When Raza Resource Centro opened in 2014, it brought resources, community and a place of belonging under one roof.Walk into Raza Resource Centro at UC San Diego and your gaze is immediately drawn to a prominent and vibrantly colored panorama depicting artists and activists, community builders and rebels—people who have defined, shaped and transformed Latinx/Chicanx identity throughout history.
“It’s really empowering to see faces like mine and others represented in the mural,” says UC San Diego senior Daniella Tajimaroa ’19. “It’s inspiring, not just for the representation, but knowing the history and advocacy work that was put in by students.”
That history and advocacy work dates back to the 1960s–70s, with the establishment of a UC San Diego chapter of the student organization Movimiento Estudiantil Chicano de Aztlán (MEChA), an activist group that drew inspiration and empowerment from the larger Chicano Movement of that time. The group shares much history with the Black Student Union—the two organizations rallied together in the student campaign to name Third College in honor of revolutionary icons Patrice Lumumba and Emiliano Zapata. The groups also shared a space in the Student Services Center, but after racially charged events of 2010, campus members spoke out and insisted on more centers for community building.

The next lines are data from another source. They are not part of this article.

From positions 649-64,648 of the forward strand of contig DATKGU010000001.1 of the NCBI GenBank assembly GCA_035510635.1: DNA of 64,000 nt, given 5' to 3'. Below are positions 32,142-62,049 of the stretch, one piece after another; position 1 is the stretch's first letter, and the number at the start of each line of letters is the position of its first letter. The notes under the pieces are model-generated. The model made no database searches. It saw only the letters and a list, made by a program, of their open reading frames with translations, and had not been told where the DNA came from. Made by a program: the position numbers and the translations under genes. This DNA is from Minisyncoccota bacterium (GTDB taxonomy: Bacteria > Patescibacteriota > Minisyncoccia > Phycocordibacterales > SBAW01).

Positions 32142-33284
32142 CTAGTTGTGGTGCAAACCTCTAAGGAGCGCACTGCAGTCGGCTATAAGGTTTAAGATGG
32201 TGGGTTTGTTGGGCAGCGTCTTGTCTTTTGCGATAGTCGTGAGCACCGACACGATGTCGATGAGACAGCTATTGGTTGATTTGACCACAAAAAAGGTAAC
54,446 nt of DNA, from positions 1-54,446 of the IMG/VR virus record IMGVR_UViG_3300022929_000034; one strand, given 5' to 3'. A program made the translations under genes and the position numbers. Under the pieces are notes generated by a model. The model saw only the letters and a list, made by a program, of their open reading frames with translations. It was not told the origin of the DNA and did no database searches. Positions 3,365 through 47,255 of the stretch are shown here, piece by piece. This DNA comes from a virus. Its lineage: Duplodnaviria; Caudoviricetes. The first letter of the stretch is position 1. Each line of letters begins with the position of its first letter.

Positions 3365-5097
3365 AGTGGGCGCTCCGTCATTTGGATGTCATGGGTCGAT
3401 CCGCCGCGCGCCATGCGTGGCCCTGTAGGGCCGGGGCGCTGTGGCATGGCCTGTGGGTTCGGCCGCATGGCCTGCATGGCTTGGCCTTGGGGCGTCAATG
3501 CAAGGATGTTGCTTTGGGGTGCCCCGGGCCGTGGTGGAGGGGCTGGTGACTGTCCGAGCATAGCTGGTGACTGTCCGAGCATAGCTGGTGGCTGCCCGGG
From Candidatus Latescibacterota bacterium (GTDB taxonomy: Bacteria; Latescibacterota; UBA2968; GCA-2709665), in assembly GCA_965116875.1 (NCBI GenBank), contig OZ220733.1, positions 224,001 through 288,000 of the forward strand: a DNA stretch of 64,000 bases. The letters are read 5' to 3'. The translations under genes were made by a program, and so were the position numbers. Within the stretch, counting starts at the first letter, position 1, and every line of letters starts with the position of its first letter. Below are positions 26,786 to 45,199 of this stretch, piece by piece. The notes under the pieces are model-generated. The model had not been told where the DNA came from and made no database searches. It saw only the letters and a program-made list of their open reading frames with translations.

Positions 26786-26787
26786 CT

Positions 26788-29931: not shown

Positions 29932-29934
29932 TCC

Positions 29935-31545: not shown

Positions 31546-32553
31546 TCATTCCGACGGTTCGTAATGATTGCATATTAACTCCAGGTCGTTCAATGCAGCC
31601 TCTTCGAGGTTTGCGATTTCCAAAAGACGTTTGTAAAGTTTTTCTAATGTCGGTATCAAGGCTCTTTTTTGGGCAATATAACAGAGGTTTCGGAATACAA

As a result, the Raza Resource Centro opened in 2014. Jessica Aguilar ’14, who visited the shared space often as an undergraduate, recalls the emotions she felt attending the Centro’s opening celebration while a graduate student. “It was in this community that I cried during finals, met to plan conferences and created lasting friendships,” says Aguilar. “It is great to see the next generation now have access to what we didn’t have before—community, resources and a place of belonging.”
Much more than a study space, the Raza Resource Centro invites all students, staff and faculty to join in community, develop academically and professionally, and become immersed in the diverse Latinx/Chicanx history and culture. “I can be myself and speak my native language,” Aguilar says of the Centro. “I know I can find someone I can talk to who has probably lived the same experiences that I’m trying to navigate.”
Today, the Centro is always buzzing with activity. Every Friday, students gather for a community writing collective to critically examine their work. They prepare undergraduate research, apply to scholarships and internships and polish their speaking skills before presenting at national conferences. In addition, faculty and graduate students hold scholarly conversations during a quarterly Brown Bag Series.
Learn more at raza.ucsd.edu.